The data, from hundreds of facilities in 35 states, provide reporters the raw material for hundreds of local stories.
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A proposed rule for control of fluid-contaminated runoff at primary commercial airports would reduce the substantial threats to drinking water, surface water, air quality, wildlife, plants, and soils at airports and the surrounding areas.
This new resource can provide some good initial clues for important stories that in years past had to be deferred at least two more months, and sometimes far longer.
The rawness of the data, which will be analyzed and revised by EPA at a later date, means that, for now, reporters will need to do more of their own ground-truthing in order to use it.
This data tool shows promise, but it currently tracks only non-infectious conditions and not others tied to environmental causes, such as neurological, endocrine, and reproductive disorders.
The Bush Administration, through the OMB, pressured EPA to water down lead monitoring requirements it had tightened in October 2008. Now EPA may get more or all of the monitors it originally wanted, near facilities that emit about a half ton of lead per year.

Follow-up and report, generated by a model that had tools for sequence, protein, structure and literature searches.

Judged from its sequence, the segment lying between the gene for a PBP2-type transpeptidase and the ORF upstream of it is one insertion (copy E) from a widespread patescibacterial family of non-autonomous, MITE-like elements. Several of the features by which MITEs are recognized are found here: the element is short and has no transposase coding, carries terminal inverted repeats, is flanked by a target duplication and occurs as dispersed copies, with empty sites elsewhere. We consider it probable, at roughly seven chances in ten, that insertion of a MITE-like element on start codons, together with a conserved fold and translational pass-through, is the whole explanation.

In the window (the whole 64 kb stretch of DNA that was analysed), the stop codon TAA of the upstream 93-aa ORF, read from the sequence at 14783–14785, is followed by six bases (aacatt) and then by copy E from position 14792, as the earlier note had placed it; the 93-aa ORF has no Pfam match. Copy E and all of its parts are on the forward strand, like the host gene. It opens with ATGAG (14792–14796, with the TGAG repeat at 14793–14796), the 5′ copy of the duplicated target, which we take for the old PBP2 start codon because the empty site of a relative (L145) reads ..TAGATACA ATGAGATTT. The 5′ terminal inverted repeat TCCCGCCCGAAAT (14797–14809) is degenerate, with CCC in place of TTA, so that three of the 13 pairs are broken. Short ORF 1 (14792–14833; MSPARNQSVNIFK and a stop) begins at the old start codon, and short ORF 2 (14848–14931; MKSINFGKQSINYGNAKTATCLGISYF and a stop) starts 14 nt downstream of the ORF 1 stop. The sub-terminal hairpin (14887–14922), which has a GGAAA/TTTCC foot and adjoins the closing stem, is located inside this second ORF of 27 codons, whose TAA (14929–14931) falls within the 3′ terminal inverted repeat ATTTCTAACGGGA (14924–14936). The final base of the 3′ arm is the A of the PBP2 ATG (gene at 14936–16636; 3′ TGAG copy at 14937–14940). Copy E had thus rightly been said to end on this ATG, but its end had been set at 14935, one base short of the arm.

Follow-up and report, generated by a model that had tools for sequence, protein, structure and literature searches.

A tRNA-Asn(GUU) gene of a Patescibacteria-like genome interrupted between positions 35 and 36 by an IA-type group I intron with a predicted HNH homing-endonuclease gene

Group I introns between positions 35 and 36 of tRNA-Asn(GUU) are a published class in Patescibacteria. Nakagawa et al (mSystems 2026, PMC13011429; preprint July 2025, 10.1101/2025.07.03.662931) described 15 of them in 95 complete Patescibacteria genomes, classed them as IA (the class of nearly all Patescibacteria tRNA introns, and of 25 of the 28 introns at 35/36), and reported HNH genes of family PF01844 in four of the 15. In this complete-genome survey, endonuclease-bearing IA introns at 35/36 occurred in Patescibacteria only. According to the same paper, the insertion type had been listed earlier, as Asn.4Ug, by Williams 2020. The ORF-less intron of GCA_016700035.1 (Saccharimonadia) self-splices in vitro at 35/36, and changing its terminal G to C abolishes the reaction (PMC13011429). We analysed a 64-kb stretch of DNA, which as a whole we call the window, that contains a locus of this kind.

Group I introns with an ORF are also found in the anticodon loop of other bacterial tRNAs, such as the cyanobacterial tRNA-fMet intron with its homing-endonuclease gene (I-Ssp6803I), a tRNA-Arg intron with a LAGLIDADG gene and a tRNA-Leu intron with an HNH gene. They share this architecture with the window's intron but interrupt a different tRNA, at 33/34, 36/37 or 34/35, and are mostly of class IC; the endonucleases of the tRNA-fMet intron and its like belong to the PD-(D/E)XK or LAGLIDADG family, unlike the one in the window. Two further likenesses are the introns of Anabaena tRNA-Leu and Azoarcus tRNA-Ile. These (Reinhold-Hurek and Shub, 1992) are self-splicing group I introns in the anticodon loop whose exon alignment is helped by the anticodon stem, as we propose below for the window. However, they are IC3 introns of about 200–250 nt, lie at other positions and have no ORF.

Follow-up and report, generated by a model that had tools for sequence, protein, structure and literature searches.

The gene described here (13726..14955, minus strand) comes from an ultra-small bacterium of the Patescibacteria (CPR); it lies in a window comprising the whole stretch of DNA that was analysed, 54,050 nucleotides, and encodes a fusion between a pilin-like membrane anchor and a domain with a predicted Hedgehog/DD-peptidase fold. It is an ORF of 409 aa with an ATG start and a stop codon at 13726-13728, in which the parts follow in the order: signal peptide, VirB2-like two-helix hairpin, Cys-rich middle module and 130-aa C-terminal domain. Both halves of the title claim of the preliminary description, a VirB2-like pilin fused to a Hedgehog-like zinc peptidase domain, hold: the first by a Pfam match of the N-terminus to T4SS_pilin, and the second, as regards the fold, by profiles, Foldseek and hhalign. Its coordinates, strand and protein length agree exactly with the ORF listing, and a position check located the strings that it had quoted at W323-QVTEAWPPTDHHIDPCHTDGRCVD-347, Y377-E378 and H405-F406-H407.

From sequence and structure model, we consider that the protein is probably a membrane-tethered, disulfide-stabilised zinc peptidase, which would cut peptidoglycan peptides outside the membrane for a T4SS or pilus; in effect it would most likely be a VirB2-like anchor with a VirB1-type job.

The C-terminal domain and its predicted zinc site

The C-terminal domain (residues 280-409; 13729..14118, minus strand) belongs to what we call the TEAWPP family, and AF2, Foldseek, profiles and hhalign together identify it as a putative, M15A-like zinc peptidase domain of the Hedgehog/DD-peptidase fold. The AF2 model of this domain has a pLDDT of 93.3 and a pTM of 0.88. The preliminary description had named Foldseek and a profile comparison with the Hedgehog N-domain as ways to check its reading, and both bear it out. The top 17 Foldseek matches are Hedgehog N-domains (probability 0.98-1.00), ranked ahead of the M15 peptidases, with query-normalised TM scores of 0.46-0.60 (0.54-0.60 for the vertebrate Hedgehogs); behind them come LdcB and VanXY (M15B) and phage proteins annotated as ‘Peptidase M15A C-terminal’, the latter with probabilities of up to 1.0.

The topic of weatherization might appear mundane, but the sheer magnitude of the current multi-billion-dollar program, and its relative importance in increasing energy efficiency and combating climate change, make it a story worth covering.
Journalists were told to leave the room before Deputy Energy Secretary Dan Poneman spoke to a group of lobbyists and private-industry representatives at the June 2009 meeting of the Energy Facility Contractors Group in Washington.
The Project on Government Oversight celebrated Earth Day blogging interesting facts gleaned from its Federal Contractor Misconduct Database.Topics on the Beat:
In one handy spot, you'll find hundreds of rarely visited Web pages published by a vast variety of federal offices and programs doing science on environmental and other topics.